‘Thor 2: The Dark World’ – A slightly coherent Film Review

First of all, it was WORTH THE WAIT.

 

It had everything I ever expected – an exploration of the other realms, a slight peek at a daily life in Asgard (we only saw the throne room and the relic room in the first movie), more mAGIC AND ASGARDIAN/ALIEN STUFF, bromance, epic action battles, more loki sympathy, death. The feeling of glory, the feeling of pain, of triumph.

 

I’ve never felt so alive.

 [warning: contains major spoilers. read at your own risk]

Frigga was absolutely epic. I love how the scriptwriter and director made us love Firgga more before they killed her. It absolutely broke my heart when they did her funeral. I wept, and felt their pain. Especially Loki’s.

 

I love the scene between Frigga and Loki. It was beautifully written and interpreted. To the director of the film, I hope you pat yourself in the back. You did a fantastic job. Every line they say to each other was like a punch in my gut. And in the end, as Loki tried to hold his mother’s hand, she disappears. And we realize that she wasn’t truly there all along.

 

She was never truly there, the whole time.

 

And then there was that scene where Thor came down to see his brother. That pained me, because, honestly, compare it to the trailer.

 

In the trailer, we saw glimpses of Loki and his cell – a complete mess. We saw him move the chairs and tables without using physical force. We saw his hollow eyes, and an expression of hopelessness as Thor spoke to him. And we assume that… This is what Asgard has done to him. Odin has punished him.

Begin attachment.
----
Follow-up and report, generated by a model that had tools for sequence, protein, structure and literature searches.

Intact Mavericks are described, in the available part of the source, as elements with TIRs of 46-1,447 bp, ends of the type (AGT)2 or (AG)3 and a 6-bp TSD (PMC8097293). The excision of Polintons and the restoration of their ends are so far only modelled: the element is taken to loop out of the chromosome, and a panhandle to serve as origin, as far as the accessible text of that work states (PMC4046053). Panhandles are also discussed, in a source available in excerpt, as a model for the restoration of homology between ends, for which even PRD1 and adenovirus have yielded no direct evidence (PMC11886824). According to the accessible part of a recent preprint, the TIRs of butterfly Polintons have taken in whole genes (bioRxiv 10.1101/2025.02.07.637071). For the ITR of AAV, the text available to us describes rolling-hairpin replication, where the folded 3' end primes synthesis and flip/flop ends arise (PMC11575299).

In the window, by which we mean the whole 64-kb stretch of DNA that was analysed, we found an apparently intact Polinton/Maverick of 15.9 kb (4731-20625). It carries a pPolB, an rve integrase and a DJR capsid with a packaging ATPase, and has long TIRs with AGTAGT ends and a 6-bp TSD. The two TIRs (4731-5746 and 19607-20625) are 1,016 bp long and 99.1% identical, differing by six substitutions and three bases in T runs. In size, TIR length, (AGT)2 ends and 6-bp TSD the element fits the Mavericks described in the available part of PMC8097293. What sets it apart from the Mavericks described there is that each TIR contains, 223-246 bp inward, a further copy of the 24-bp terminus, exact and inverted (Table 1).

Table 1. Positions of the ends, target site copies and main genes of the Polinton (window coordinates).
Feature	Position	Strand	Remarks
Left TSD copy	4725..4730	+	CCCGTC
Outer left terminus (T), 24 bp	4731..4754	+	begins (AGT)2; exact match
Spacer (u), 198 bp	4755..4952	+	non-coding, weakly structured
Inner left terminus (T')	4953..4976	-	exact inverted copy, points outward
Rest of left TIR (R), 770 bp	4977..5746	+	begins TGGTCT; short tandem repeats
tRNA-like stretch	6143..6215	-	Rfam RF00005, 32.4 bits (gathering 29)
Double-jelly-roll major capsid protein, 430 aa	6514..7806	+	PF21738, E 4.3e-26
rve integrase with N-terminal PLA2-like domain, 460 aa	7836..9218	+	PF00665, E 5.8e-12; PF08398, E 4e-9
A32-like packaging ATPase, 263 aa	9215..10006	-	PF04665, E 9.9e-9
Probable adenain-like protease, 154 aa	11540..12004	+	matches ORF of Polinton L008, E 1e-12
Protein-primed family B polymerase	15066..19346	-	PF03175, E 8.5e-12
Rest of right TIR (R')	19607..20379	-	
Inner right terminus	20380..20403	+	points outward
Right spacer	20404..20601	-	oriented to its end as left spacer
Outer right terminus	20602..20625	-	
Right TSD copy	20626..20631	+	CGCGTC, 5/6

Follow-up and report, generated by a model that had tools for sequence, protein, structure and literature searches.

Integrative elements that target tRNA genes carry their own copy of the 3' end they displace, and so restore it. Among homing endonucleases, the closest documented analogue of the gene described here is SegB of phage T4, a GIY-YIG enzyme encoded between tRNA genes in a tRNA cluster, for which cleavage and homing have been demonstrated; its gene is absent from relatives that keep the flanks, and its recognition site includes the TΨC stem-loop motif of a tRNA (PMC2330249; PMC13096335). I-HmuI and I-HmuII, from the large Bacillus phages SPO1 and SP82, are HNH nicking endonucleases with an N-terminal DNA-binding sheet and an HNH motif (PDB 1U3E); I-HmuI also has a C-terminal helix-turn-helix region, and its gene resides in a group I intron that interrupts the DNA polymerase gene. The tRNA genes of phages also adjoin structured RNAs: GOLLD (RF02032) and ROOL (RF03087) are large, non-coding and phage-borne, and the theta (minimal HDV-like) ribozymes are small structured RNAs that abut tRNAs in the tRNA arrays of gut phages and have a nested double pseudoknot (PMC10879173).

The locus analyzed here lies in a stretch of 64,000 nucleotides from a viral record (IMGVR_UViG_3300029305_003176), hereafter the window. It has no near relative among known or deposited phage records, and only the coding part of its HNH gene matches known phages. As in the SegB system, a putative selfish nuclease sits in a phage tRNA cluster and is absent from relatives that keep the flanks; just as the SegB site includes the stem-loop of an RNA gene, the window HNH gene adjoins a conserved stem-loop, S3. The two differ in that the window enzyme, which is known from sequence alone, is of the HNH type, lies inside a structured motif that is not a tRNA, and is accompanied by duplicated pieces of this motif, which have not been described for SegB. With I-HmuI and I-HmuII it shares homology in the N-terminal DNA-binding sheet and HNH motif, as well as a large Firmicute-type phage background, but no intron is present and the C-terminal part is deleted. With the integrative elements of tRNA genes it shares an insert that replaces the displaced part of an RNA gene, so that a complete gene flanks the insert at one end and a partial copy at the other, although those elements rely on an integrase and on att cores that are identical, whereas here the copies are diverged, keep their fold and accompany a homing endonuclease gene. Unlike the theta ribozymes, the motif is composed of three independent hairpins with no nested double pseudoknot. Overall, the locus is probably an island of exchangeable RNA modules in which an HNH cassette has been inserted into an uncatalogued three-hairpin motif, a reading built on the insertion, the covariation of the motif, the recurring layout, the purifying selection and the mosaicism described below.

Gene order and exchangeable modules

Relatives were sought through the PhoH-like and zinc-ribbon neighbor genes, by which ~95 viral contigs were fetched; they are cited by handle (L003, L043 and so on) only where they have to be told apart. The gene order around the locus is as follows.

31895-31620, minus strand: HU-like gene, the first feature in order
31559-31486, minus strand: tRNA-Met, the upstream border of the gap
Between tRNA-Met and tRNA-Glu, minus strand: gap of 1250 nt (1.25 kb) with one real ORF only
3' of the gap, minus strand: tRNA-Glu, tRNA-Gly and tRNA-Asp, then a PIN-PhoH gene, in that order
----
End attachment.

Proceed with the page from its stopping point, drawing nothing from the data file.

But in the movie, it was different. Marvel made us have a uniform assumption based on the trailer that was completely different from the film itself. It was brilliant.

 

In the movie, Thor comes down, and Loki talks to him casually. He looks healthy, his place is tidy. Then Thor tells him, “Enough with the lies” and we see Loki set a hard face and BAM

 

He was disguising himself all along. A hard shell to cover a soft core. An illusion to cover his vulnerability, his pain. And the thing is, I can almost imagine what had happened. Handprints on the wall, his foot bleeding, his hair dishevelled, all the furnitures broken… Such chaos, such a pained, broken heart. And the thing is, the last thing they talked about was:

 

“He’s not my father!”

“Then am I not your mother?”

“No. You are not.”

 

That’s the last thing he told her. That was the last thing she ever heard from him.

 

 

Okay, now let’s talk about mirrors:

 

Both movies of ‘Thor’ began with Odin speaking of the past. We are introduced to the main villain, their main goal, and how Asgard’s warriors kicked their sorry butts down to the pits of hell.

 

Then, there was Heimdall’s scene. In both movies, Heimdall defied his king. Twice, he did it for Thor.

 

Let’s fast forward to the movie, allll the way to when Loki and Thor were fighting Malekith in that abandoned planet filled with dust. Right after Loki cut Thor’s hand, and restored it back again, they got into a huge epic fight with the dark elves. As Malekith leaves, he tosses a red grenade at the brothers’ direction. I panicked, as Loki was lifted off his feet. He tried desparately to hold on, but he was simply grabbing thin air.

 

Now remember that scene, and compare it to the scene in the first ‘Thor’ movie, where Loki let go of the sceptre. I don’t know how Tom Hiddleston did it, but he captured that same lost expression in his eyes. I will never forget that. That one millisecond of realization that this was his end, because once you get sucked into that red portal, you never come back.